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Russian novelist talks about his Korean roots

Sept. 9, 2011 - 19:47 By
Anatoly Kim shares how he inherited artistic spirit from famous ancestors

His grandfather was a Korean farmer who wanted land of his own.

After realizing he would never be able to own land in Korea, his home country, he decided to move to the Russian Far East in 1908, leaving everything behind including his family. He wanted “his” land that badly.

“His dream never came true because the Russian authorities wouldn’t give out land to Korean immigrants at the time,” Anatoly Kim, the award-winning Russian novelist told The Korea Herald in Seoul, Tuesday.

“He passed away in 1918, just 10 years after he moved from Korea. He was only in his late 30s. Both my parents and I were inspired and inevitably affected by his life.”

The 72-year-old writer arrived in Seoul last week to attend the Culture Communication Forum from Sept. 4-6. Dressed in a white hanbok-inspired garment, Kim tried to speak in his broken Korean as much as possible throughout the interview.
Russian novelist Anatoly Kim speaks during an interview with The Korea Herald in Seoul on Tuesday. (Lee Sang-sub/The Korea Herald)

Born in 1939 in the Chimkent region of Kazakhstan, Kim spent his early years there surrounded by its vast grasslands and untamed nature. Every morning, the sun would rise above the yellow hillocks and burn off the haze, while eagles would slowly fly across the scenic sky.

Even as a 3-year-old, however, Kim felt he did not belong there in spite of its striking beauty. “It was the feeling that this isn’t my land, and that I won’t be able to have my own,” Kim said. “I think it was the same kind of sadness that my grandfather must have felt, when he started to realize what he wanted throughout his lifetime would never happen.”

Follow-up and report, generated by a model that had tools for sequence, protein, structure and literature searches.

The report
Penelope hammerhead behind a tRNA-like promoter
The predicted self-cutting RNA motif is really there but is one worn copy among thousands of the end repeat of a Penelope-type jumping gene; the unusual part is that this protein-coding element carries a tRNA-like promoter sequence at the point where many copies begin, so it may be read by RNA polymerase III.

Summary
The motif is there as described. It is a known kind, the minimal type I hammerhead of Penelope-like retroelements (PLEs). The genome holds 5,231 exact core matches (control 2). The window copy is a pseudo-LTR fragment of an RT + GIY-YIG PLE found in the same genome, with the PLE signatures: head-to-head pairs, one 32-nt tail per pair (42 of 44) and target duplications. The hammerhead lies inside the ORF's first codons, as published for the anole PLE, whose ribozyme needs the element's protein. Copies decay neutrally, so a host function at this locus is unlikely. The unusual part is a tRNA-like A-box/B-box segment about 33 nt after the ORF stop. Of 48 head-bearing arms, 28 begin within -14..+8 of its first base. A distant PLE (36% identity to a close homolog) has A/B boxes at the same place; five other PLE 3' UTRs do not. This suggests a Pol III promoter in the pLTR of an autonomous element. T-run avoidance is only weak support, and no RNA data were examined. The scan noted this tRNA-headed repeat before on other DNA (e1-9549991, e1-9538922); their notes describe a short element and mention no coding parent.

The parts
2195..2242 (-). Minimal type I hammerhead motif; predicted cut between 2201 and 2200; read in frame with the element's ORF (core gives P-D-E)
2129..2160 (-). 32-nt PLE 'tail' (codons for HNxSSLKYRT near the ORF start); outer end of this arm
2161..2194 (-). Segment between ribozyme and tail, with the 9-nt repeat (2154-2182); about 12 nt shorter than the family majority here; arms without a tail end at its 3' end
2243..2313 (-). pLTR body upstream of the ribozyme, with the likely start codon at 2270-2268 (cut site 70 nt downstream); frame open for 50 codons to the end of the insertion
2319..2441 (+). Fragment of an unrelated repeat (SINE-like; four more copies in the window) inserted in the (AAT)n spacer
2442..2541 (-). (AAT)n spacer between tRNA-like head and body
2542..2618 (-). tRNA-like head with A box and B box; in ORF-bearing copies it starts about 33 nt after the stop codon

In 1948, his family moved to the Russian Far East and Sakhalin. It was in 1957 that Kim moved to Moscow to study at an art school. “At first I wanted to be a painter,” Kim said.

“It was after I served my military duty that I realized I wanted to be a writer. I didn’t know what got me into this profession until 1989, when I visited Korea for the first time and learned about my famous ancestor who also was an author.”

Kim’s visit to Korea in 1989 was, in many ways, a dramatic experience for Kim. By this time he had already become a world-famous writer, as his 1985 novel “Squirrel” received highly controversial reviews in the Soviet Union.

During his stay in Korea, Kim learned through a reporter that he is a descendant of 15th century Korean author Kim Si-seup. Author Yi Sang (1910-1937), the legendary figure in modern Korean literature whose birth name is Kim Hae-kyung, also belongs to the Kim clan, Kim said.

“I had read the Russian translated version of Kim Si-seup’s work in Russia and liked them a lot,” Kim said. “After finding out that he is my ancestor, I realized the literary spirit has always been in my blood. I came to understand why I became a writer.”

The 1989 visit was also a turning point for Kim’s literary career, whose “loneliness” has been his greatest literary inspiration and motivation.

“Ever since I was a child I’ve been feeling that I am alone in this world,” he said. “Though I’ve always been writing in Russian, I couldn’t really write about the Russian people because I belonged to another ethnicity. I could only write about myself, my experiences as an individual. But coming to Korea has made me realize that I may not be alone, that my roots are from such a beautiful country.”

Kim, who could only speak a few words in Korean in 1989, taught Russian language and literature at Chung-Ang University in Seoul from 1991-95. He learned the Korean language during his four-year stay in Korea. The two-volume Korean edition of his autobiography, translated by Prof. Kim Hyun-taek at Hankuk University of Foreign Studies, was published in May.

And it is not hard to guess what his next novel is going to be about. “It’s going to be about my ancestors,” he said. “I’ve been researching about Kim Si-seup and visiting places that are relevant to his life.”

By Claire Lee (